reply to this | link to this | view in chronology ]

          • icon
            PaulT (profile), 1 Jun 2018 @ 9:26am

            Re: Re: Re: Re: Hands Off WHOIS!

            Well, there's 2 major differences that make conflation of the two pointless in this case.

            First, IP addresses are typically not provided to individuals. They will be sold in blocks to companies like the aforementioned Akamai, or to ISPs who then sell the IPs on, or use for dynamic hosting. They have historically also been sold as single purchases, but the vast majority of the time to businesses, not individuals (whereas a great many individuals own domain names). If you want a static IP nowadays, you'll get it from an ISP, n ot the source of the whois information.

            If I do a search on RIPE for my IP address, it will tell me that it's provided by Telefonica, it won't identify me as an individual. You *can* provide personally identifiable reverse lookup information if you're running your own domain on there of course, but it's not necessary and on your own head if you make that decision.

            The second is that, largely due to the above, the only information that's available in the whois will in the vast majority of cases be corporate information, which is not needed to be protected by the GDRP. There is little similarity between the two for the purposes of privacy.

            The reason why the GDRP applies to domain name whois information is that people have given personal information that's searchable from anywhere in the world with an internet connection on a single public database. Millions of individuals in the EU likely own domain names without paying the extra fee for privacy. That's generally not the case with IP whois information, so the same rules aren't really applicable.

            If someone would like to explain where I'm wrong, I'm all ears, but what I'm seeing is someone freaking out because they don't know what they're talking about and confusing 2 very different subjects.

            reply to this | link to this | view in chronology ]

            • identicon
              Anonymous Coward, 1 Jun 2018 @ 9:46am

              Re: Re: Re: Re: Re: Hands Off WHOIS!

              If I do a search on RIPE for my IP address, it will tell me that it's provided by Telefonica, it won't identify me as an individual.

              Is that always the case, or is it up to your ISP whether to provide the granular details?

              reply to this | link to this | view in chronology ]

              • identicon
                Anonymous Coward, 1 Jun 2018 @ 4:06pm

                Re: Re: Re: Re: Re: Re: Hands Off WHOIS!

                Technically, anything static of /29 or greater should be SWIP'd, ie more information is needed. For IPv6 I would say a /56, but I don't think anything is really written in stone. A /56 in IPv6 is pretty much the equivalent of a /29 in IPv4, so that my reasoning, most though would probably just allocate a /48 which is a BGP announcement and that definitely should be SWIP'd. Basically /56 is for a physical location, and a /48 is for a company was the reasoning that John Brzozowski gave to me when I was planning IPv6 deployments.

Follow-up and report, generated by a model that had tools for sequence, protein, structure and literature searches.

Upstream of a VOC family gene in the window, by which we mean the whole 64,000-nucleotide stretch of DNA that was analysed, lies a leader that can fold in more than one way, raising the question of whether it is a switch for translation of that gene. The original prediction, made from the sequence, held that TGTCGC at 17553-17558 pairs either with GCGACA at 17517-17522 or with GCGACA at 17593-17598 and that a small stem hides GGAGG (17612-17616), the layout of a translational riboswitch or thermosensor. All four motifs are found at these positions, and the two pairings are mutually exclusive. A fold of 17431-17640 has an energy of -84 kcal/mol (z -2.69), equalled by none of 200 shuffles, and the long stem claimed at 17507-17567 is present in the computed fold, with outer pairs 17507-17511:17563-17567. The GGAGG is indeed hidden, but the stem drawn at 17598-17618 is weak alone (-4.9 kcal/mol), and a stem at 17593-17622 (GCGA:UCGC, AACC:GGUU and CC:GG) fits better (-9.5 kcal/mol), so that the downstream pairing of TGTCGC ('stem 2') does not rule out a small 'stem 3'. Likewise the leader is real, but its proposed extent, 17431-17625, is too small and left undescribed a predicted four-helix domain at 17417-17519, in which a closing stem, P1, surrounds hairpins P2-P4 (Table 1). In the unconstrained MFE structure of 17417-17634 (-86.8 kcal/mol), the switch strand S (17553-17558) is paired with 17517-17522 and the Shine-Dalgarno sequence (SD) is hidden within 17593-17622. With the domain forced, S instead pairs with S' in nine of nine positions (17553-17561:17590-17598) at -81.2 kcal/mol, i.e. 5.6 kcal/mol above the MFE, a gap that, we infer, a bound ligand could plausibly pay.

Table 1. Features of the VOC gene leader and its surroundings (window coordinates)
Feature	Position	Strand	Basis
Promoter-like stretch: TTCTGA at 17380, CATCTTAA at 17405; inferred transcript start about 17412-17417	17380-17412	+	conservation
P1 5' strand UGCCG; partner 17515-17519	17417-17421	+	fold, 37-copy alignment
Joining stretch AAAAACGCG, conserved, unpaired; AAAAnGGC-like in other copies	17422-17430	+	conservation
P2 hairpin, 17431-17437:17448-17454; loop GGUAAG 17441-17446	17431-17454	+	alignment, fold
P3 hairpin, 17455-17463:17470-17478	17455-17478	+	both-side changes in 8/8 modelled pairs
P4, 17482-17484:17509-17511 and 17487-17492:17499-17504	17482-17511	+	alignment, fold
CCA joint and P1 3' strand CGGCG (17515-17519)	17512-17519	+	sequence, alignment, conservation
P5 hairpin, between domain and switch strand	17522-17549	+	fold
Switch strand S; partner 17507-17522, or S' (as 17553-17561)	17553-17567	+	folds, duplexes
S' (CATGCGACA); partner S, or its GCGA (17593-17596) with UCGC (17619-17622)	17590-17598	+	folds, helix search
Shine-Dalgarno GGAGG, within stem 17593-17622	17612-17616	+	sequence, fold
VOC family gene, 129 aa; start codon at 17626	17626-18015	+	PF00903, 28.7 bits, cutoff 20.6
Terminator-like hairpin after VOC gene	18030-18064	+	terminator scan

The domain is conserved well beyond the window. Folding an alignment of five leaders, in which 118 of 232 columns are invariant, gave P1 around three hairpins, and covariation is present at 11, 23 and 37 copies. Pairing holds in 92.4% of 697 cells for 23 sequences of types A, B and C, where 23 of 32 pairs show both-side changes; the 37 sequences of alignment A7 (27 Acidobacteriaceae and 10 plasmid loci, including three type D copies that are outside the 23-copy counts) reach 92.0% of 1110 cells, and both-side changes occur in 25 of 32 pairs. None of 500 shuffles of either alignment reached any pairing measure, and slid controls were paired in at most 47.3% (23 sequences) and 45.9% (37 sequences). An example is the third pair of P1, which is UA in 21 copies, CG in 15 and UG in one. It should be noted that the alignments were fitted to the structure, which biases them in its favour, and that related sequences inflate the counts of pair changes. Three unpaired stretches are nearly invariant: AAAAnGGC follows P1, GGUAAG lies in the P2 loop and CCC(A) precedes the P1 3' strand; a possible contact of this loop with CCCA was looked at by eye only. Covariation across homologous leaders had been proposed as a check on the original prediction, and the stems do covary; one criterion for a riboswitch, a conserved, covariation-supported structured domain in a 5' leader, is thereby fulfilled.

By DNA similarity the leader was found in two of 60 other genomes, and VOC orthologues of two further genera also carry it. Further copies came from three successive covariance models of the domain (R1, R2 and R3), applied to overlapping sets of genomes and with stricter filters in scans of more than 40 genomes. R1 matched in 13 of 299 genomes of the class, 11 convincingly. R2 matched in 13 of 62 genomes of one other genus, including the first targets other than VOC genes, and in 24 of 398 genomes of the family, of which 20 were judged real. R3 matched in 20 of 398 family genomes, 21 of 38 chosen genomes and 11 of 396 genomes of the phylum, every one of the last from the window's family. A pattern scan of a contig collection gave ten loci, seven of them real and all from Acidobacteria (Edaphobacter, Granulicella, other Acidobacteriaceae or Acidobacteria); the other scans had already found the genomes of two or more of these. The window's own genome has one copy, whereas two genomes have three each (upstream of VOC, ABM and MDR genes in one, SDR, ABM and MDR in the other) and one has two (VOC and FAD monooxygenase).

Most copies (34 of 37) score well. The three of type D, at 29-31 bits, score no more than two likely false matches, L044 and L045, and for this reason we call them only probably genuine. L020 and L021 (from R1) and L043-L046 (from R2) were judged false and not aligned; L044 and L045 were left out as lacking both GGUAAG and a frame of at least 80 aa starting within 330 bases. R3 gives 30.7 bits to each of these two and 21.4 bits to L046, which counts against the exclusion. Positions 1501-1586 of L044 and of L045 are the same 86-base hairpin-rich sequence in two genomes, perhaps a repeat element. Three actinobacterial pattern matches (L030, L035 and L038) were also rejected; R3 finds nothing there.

reply to this | link to this | view in chronology ]

            • identicon
              Anonymous Coward, 1 Jun 2018 @ 1:08pm

              Re: Re: Re: Re: Re: Hands Off WHOIS!

              Paul, Don't know about you, but I often SWIP information for I - ie. Individuals. Not uncommon, and really depends on the endusers preferences. For BGP and ARIN, RIPE, et al, I would agree that I very rarely see individuals with an ASN, though there are exceptions of course. AS11875 would be an example...

              reply to this | link to this | view in chronology ]

            • identicon
              Anonymous Coward, 1 Jun 2018 @ 1:29pm

              Re: Re: Re: Re: Re: Hands Off WHOIS!

              I can't speak for DerekCurrie, but when I see a suspicious IP address in a log somewhere, I also like to consult WHOIS. Not directly on the address, but on the domain name retrieved via reverse lookup of the address.

              This works for more or less shady corporations, like advertising companies. I don't expect to find the home address of an attacker though.

              reply to this | link to this | view in chronology ]

        • icon
          DerekCurrie (profile), 1 Jun 2018 @ 2:10pm

          Re: Re: Re: Hands Off WHOIS!

          No, I did not confuse anything. You simply don't understand what I'm doing, which is actually quite ordinary. You're also attempting to pretend I said things I never said, like wanting access to 100% of the database.

          Move along. This is too complicated for you. Propagandist exaggeration, confabulation and insults have no use here. Back under the bridge with you.

          reply to this | link to this | view in chronology ]

    • icon
      Eldakka (profile), 1 Jun 2018 @ 11:45pm

      Re: Hands Off WHOIS!

      What's this "reverse firewall" shit?

      Firewalls do, and always have, worked in both directions.

      Most home users tend to ignore the outbound configuration and allow unrestricted outbound requests. This means the user has chosen to hobble their firewall.

      By enabling outbound request filtering as well is nothing special, it's how a firewall is supposed to be used.

      reply to this | link to this | view in chronology ]

      • identicon
        Anonymous Coward, 2 Jun 2018 @ 12:19am

        Re: Re: Hands Off WHOIS!

        Well, it must be a special piece of firewall, if it's asking for consent based on IP addresses, possibly with the WHOIS query already integrated in the interface (on the address or the domain name, I don't care).

        But you all couldn't be bothered to consider these possibilities and just riduculed DerekCurrie for his caution.

        reply to this | link to this | view in chronology ]

        • icon
          Eldakka (profile), 3 Jun 2018 @ 12:32am

          Re: Re: Re: Hands Off WHOIS!

          Well, it must be a special piece of firewall, if it's asking for consent based on IP addresses, possibly with the WHOIS query already integrated in the interface (on the address or the domain name, I don't care).